Pathogenic Correlates of Simian Immunodeficiency Virus-Associated B Cell Dysfunction.

Published

Journal Article

We compared and contrasted pathogenic (in pig-tailed macaques [PTMs]) and nonpathogenic (in African green monkeys [AGMs]) SIVsab infections to assess the significance of the B cell dysfunction observed in simian (SIV) and human immunodeficiency virus (HIV) infections. We report that the loss of B cells is specifically associated with the pathogenic SIV infection, while in the natural hosts, in which SIV is nonpathogenic, B cells rapidly increase in both lymph nodes (LNs) and intestine. SIV-associated B cell dysfunction associated with the pathogenic SIV infection is characterized by loss of naive B cells, loss of resting memory B cells due to their redistribution to the gut, increases of the activated B cells and circulating tissue-like memory B cells, and expansion of the B regulatory cells (Bregs). While circulating B cells are virtually restored to preinfection levels during the chronic pathogenic SIV infection, restoration is mainly due to an expansion of the "exhausted," virus-specific B cells, i.e., activated memory cells and tissue-like memory B cells. Despite of the B cell dysfunction, SIV-specific antibody (Ab) production was higher in the PTMs than in AGMs, with the caveat that rapid disease progression in PTMs was strongly associated with lack of anti-SIV Ab. Neutralization titers and the avidity and maturation of immune responses did not differ between pathogenic and nonpathogenic infections, with the exception of the conformational epitope recognition, which evolved from low to high conformations in the natural host. The patterns of humoral immune responses in the natural host are therefore more similar to those observed in HIV-infected subjects, suggesting that natural hosts may be more appropriate for modeling the immunization strategies aimed at preventing HIV disease progression. The numerous differences between the pathogenic and nonpathogenic infections with regard to dynamics of the memory B cell subsets point to their role in the pathogenesis of HIV/SIV infections and suggest that monitoring B cells may be a reliable approach for assessing disease progression.IMPORTANCE We report here that the HIV/SIV-associated B cell dysfunction (defined by loss of total and memory B cells, increased B regulatory cell [Breg] counts, and B cell activation and apoptosis) is specifically associated with pathogenic SIV infection and absent during the course of nonpathogenic SIV infection in natural nonhuman primate hosts. Alterations of the B cell population are not correlated with production of neutralizing antibodies, the levels of which are similar in the two species. Rapid progressive infections are associated with a severe impairment in SIV-specific antibody production. While we did not find major differences in avidity and maturation between the pathogenic and nonpathogenic SIV infections, we identified a major difference in conformational epitope recognition, with the nonpathogenic infection being characterized by an evolution from low to high conformations. B cell dysfunction should be considered in designing immunization strategies aimed at preventing HIV disease progression.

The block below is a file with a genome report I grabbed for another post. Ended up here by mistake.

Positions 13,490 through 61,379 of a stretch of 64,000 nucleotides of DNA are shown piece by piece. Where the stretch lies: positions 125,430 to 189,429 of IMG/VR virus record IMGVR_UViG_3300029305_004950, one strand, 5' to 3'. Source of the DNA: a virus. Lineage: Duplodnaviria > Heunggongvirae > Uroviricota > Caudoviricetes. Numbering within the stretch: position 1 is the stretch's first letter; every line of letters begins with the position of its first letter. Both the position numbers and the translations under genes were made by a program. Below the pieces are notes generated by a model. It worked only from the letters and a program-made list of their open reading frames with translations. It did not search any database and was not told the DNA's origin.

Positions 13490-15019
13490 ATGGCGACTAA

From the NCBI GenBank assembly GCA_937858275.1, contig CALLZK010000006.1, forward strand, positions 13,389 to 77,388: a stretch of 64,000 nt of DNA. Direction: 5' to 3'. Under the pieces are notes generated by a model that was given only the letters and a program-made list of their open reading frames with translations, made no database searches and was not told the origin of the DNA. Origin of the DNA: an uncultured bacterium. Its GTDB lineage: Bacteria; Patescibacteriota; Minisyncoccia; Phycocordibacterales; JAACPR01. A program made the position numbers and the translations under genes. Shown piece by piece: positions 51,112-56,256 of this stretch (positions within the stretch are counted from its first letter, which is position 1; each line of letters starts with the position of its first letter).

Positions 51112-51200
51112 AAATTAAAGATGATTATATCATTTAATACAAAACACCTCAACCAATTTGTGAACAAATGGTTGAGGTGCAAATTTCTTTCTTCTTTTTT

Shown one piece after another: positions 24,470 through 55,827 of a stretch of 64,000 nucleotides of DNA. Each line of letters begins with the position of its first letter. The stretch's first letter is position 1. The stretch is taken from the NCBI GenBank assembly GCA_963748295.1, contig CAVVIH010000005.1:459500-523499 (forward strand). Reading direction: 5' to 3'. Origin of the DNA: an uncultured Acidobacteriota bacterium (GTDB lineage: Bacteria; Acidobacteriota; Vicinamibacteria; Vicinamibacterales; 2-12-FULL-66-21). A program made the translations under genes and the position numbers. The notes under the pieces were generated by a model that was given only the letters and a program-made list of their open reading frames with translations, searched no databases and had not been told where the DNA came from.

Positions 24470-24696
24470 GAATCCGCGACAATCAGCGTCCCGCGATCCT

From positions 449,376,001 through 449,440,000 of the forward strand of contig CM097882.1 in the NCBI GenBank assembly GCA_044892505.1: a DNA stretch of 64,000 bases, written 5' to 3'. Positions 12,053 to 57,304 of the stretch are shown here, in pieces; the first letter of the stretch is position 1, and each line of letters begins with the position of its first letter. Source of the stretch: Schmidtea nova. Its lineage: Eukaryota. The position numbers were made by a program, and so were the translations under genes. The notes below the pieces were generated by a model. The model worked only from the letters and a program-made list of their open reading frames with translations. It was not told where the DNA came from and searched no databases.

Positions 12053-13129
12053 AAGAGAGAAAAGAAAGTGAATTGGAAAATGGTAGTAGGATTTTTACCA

Full Text

Duke Authors

Cited Authors

  • Brocca-Cofano, E; Kuhrt, D; Siewe, B; Xu, C; Haret-Richter, GS; Craigo, J; Labranche, C; Montefiori, DC; Landay, A; Apetrei, C; Pandrea, I

Published Date

  • December 2017

Published In

Volume / Issue

  • 91 / 23

PubMed ID

  • 28931679

Pubmed Central ID

  • 28931679

Electronic International Standard Serial Number (EISSN)

  • 1098-5514

International Standard Serial Number (ISSN)

  • 0022-538X

Digital Object Identifier (DOI)

  • 10.1128/JVI.01051-17

Language

  • eng